The spread of nonindigenous species into new habitats is having a drastic effect on natural ecosystems and represents an increasing threat to global biodiversity. In the marine environment, where data on the movement of invasive species is scarce, the spread of alien seaweeds represents a particular problem. We have employed a combination of plastid microsatellite markers and DNA sequence data from three regions of the plastid genome to trace the invasive history of the green alga Codium fragile ssp. tomentosoides. Extremely low levels of genetic variation were detected, with only four haplotypes present in the species’ native range in Japan and only two of these found in introduced populations. These invasive populations displayed a high level of geographical structuring of haplotypes, with one haplotype localized in the Mediterranean and the other found in Northwest Atlantic, northern European and South Pacific populations. Consequently, we postulate that there have been at least two separate introductions of C. fragile ssp. tomentosoides from its native range in the North Pacific.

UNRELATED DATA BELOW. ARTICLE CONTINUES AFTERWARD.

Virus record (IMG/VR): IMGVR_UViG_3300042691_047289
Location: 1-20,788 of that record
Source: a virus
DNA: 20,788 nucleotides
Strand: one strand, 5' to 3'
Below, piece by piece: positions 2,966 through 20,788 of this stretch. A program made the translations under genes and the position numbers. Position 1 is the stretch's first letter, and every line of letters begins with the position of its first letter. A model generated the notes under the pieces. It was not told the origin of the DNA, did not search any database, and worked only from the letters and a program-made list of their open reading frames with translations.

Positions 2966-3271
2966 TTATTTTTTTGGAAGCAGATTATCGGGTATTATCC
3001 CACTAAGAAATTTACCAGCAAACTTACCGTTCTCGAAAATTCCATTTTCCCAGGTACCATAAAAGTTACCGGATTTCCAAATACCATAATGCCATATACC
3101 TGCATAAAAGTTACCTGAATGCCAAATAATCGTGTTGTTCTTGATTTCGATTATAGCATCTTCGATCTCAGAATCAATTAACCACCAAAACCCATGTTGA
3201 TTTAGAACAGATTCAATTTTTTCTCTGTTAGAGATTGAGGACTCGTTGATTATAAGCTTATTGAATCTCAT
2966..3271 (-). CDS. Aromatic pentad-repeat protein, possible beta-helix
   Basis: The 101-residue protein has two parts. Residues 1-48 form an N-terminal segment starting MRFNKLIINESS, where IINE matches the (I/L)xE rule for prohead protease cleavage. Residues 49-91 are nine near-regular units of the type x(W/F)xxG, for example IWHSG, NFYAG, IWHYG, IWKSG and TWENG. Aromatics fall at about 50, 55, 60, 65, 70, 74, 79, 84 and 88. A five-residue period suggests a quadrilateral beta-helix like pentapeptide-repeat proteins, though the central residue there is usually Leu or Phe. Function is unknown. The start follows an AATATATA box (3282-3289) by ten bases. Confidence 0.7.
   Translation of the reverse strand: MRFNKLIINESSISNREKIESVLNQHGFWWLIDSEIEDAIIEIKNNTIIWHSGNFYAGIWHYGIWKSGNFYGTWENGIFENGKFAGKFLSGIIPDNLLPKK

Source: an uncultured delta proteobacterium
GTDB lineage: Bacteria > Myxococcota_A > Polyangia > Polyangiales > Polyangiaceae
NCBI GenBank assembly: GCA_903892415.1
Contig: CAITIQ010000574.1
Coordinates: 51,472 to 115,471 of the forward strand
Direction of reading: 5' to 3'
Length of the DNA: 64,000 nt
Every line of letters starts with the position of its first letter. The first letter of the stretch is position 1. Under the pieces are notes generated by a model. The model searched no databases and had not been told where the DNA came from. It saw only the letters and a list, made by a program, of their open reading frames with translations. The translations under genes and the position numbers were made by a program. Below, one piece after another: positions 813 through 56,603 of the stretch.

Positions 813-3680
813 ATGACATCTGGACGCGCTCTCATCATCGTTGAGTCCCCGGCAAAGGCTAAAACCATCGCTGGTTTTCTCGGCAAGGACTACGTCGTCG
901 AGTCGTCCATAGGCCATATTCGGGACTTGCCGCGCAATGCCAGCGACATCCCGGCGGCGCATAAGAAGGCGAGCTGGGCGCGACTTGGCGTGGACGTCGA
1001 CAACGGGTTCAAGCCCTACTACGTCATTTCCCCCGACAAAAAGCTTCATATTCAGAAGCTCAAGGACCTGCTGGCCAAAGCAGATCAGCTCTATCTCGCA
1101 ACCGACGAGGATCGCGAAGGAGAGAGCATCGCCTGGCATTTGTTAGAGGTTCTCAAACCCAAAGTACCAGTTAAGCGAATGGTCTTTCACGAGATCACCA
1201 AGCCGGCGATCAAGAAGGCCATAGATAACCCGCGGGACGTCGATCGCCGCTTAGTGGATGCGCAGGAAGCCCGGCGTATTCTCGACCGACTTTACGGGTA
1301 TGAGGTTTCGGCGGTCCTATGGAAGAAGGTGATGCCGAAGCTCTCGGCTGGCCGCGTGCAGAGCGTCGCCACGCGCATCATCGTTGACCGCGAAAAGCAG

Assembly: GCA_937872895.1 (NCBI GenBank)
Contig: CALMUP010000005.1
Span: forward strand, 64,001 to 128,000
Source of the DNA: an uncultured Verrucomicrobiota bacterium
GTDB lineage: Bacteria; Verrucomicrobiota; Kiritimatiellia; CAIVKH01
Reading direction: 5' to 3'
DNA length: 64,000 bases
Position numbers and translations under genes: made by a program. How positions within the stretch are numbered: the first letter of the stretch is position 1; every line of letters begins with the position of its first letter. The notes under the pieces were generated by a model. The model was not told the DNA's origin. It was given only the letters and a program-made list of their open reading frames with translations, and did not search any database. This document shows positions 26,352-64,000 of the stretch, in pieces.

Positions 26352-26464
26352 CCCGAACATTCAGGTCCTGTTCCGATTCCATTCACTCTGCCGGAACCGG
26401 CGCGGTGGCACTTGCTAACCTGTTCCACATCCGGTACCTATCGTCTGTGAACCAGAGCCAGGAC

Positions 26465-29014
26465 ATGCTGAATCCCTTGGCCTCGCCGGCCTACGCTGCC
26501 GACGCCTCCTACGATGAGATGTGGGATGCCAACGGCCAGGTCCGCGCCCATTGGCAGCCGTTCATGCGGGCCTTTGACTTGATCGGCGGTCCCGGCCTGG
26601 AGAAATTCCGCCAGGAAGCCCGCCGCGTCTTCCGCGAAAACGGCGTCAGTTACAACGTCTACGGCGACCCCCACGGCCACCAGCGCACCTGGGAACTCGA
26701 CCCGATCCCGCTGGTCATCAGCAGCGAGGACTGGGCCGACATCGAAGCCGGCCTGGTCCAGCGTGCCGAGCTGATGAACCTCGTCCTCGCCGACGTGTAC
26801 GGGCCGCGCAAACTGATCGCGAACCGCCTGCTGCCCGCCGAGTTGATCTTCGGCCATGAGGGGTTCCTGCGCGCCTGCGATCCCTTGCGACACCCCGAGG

ASJC Scopus subject areas
- Biochemistry, Genetics and Molecular Biology(all)
Provan, J., Maggs, C., & Murphy, S. (2005). Tracking the invasive history of the green alga Codium fragile ssp. tomentosoides. Molecular Ecology, 14(1), 189-194. https://doi.org/10.1111/j.1365-294X.2004.02384.x